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Boeing Will Cut 777 Production Rate, Says It Will Have 'Some Impact On Employment’

Ashley Gross
Boeing's 777 production line in Everett

Boeing says it plans to reduce the production rate of its 777 wide-body jet, one of the company’s biggest sources of cash, to seven per month next year from the current rate of 8.3 per month.

“As a result of the rate change, we expect some impact on employment and will do our best to mitigate that by placing employees in other jobs across Boeing,” Boeing spokesman Doug Alder said in an emailed statement. “We are still studying how many roles may be impacted.”

The rate reduction was widely expected because demand for the current model of the 777 hasn’t been strong enough to keep up the same rate as Boeing transitions to building the next version, the 777X. The 777 is built in Everett. Alder declined to say how many employees work on the 777 program.

News of the 777 rate cut comes just a week after Boeing said it will halve its 747 production rate in September, down to 0.5 per month. That's because of lackluster demand for cargo jets. The 747 is also built in Everett. 

The employment outlook at Boeing’s Renton facility, on the other hand, remains strong. Boeing executives said on an earnings conference call that they plan to lift production of the 737 single-aisle jet to 57 per month in 2019. Right now, the company builds 42 per month, with two more planned rate hikes between now and 2019.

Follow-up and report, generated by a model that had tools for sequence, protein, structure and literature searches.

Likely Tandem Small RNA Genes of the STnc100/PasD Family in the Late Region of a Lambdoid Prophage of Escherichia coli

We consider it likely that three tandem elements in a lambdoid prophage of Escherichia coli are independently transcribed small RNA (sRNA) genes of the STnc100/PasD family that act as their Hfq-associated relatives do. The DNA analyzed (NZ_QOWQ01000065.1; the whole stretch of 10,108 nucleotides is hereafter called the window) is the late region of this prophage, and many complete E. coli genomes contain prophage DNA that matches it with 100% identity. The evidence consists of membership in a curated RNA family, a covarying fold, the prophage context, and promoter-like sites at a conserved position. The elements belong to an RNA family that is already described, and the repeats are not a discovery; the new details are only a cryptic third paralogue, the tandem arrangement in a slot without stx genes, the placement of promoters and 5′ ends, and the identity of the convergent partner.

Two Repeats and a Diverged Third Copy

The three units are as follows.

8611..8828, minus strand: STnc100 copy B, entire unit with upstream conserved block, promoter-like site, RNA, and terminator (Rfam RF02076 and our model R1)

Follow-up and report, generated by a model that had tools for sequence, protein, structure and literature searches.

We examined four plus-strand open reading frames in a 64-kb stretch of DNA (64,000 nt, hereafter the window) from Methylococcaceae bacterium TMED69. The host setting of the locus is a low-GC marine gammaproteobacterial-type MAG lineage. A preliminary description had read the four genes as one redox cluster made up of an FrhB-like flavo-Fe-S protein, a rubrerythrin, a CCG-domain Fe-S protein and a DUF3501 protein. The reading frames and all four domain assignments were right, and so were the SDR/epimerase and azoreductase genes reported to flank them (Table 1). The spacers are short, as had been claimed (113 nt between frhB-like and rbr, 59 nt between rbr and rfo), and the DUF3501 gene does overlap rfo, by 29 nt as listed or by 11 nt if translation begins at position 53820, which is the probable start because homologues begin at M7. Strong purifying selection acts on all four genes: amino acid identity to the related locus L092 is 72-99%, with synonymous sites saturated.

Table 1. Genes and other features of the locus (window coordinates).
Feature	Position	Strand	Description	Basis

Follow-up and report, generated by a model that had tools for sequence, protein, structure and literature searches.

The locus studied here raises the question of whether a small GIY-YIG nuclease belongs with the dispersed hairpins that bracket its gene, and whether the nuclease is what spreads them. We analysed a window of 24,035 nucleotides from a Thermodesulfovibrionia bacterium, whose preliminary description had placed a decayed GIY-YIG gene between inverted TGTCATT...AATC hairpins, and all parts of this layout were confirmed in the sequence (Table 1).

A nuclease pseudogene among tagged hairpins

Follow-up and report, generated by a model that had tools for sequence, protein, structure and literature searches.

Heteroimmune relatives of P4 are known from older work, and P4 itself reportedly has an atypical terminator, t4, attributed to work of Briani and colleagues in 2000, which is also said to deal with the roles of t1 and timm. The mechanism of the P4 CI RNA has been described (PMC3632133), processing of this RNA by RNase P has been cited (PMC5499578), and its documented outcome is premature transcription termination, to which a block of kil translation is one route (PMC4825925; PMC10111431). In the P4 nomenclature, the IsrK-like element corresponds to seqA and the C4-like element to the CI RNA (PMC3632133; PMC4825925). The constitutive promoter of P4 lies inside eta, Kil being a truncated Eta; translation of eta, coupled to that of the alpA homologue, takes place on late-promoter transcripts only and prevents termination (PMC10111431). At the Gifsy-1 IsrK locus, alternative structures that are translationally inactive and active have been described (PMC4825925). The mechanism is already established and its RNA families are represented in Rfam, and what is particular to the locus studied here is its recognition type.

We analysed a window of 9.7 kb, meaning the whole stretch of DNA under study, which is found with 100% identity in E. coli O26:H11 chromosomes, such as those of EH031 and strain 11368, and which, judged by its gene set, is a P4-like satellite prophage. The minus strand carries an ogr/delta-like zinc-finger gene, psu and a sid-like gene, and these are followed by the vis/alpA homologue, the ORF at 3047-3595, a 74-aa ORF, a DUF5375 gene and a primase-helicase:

“Generally speaking, increased rates require some level of increased employment,” Alder said in the statement. “The planned rates and market demand mean that we see consistent levels of work for Boeing employees building the 737 in Renton for the foreseeable future.”

In July 2017, Ashley Gross became KNKX's youth and education reporter after years of covering the business and labor beat. She joined the station in May 2012 and previously worked five years at WBEZ in Chicago, where she reported on business and the economy. Her work telling the human side of the mortgage crisis garnered awards from the Illinois Associated Press and the Chicago Headline Club. She's also reported for the Alaska Public Radio Network in Anchorage and for Bloomberg News in San Francisco.